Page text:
The odds have long been stacked against investigative reporting in local TV, but somehow it survives. Despite concerns about the expense and time involved in producing investigative journalism, not to mention the potential for lawsuits, some I-Teams actually manage to thrive.
While many newsrooms cut or dropped their investigative units when the economy soured, others not only kept going, they produced more award-winning work. WFAA in Dallas, for example, just won yet another Peabody for Byron Harris’s investigation of for-profit trade schools:
Stations that have committed to in-depth reporting say the payoff isn’t just in prestige or prizes. Strong investigative journalism can boost ratings, as well. But an I-Team can be a hard sell to some general managers, who fear that it will cost too much–in more ways than one.
What can individual journalists do to encourage more investigative reporting? Here are some tips compiled from comments by Scripps Network president John Lansing and KSTP’s former director of investigations Gary Hill, among others:
Educate the boss. Focus on the positive outcomes of investigative stories–what this kind of work could mean to the station in terms of community benefit and viewer interest. A good investigation can differentiate your station from the competition and maintain audience into the second quarter hour, says Gary Hill. Build interest by showing examples on tape of excellent work by other stations.
Front end the landmines. Get the boss’s fears on the table up front and discuss them. How much will this cost? What will the station get for its money? Will the station risk losing advertising dollars because of investigative reports involving sponsors? What about the risk of lawsuits?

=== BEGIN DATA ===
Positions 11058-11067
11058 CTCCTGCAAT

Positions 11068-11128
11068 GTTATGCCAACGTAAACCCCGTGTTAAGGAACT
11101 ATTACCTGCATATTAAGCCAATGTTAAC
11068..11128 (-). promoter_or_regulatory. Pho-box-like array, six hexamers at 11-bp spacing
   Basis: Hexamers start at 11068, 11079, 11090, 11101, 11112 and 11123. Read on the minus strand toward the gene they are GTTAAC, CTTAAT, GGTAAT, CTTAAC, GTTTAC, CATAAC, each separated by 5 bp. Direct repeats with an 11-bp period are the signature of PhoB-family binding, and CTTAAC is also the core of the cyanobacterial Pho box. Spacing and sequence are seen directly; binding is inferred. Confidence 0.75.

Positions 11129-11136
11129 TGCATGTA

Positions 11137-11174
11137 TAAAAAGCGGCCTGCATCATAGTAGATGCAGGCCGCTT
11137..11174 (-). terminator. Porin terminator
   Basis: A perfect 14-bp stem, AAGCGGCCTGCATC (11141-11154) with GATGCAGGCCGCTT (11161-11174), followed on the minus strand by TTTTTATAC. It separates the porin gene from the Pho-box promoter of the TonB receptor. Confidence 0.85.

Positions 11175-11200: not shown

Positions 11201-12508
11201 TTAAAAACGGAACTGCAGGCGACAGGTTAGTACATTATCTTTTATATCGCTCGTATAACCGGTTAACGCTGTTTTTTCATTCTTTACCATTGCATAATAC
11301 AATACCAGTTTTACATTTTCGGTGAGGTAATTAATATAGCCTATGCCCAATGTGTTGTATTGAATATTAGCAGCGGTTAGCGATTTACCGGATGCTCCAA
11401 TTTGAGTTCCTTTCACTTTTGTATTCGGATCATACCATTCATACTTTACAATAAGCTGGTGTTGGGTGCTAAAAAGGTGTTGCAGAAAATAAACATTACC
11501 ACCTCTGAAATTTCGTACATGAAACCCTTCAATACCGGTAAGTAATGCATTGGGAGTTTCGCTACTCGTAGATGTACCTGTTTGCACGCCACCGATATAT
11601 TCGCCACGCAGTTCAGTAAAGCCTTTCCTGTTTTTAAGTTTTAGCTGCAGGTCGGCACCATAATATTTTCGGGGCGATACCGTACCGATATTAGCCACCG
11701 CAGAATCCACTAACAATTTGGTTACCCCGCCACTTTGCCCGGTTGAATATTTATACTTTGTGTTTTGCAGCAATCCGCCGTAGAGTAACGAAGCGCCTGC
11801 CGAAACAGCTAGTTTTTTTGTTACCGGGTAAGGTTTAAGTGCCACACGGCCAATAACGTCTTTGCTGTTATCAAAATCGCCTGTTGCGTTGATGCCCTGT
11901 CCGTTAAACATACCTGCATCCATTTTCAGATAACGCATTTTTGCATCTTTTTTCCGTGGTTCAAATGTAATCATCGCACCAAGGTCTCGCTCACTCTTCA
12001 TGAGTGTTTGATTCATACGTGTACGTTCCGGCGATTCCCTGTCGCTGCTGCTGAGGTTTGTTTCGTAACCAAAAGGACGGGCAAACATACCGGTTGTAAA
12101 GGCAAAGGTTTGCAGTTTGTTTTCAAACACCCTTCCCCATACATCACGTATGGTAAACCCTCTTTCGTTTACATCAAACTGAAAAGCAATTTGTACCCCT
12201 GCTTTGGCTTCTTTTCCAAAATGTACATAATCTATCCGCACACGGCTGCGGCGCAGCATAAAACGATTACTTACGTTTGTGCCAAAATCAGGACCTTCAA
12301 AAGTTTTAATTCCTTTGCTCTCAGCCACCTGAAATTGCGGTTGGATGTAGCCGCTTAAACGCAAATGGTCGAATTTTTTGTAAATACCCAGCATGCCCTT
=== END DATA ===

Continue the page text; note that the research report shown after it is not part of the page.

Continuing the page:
Create a coalition. Talk over the idea of an I-Team with someone in sales who might see potential for sponsorship and for generating interest in advertising on the station. Include that person in discussions about the value of establishing an investigative unit. Show how the I-Team could help the station’s entire news product by building expertise that will pay off on breaking news as well as in-depth reports.
Establish parameters. Discuss with the boss the kind of investigative work the newsroom wants to do. Will the I-Team specialize in any particular type of story? Is there a beat your station could “own” by focusing more resources on it?
Set guidelines. Be clear about how you will use the tools of the trade. What will your policy be on the use of hidden cameras? What about granting confidentiality to sources? Will you use paid experts, and if so why? When and how might you conceal your identity to get a story?
Build trust. Demonstrate how much you care about getting stories right by agreeing to meet early deadlines to allow for script review and legal review. Involve a news manager early and often in story development and evaluation. Be open to reasonable challenges to your stories. Have an answer to this question: “Could you disprove this story if you tried?”
Take ownership. Make it part of your job to protect the station by keeping the I-Team involved in every aspect of investigative stories, from promotions to the Web site to anchor banter. Lansing says that more often than not, those are the things that get a station in trouble.
What advice would you add?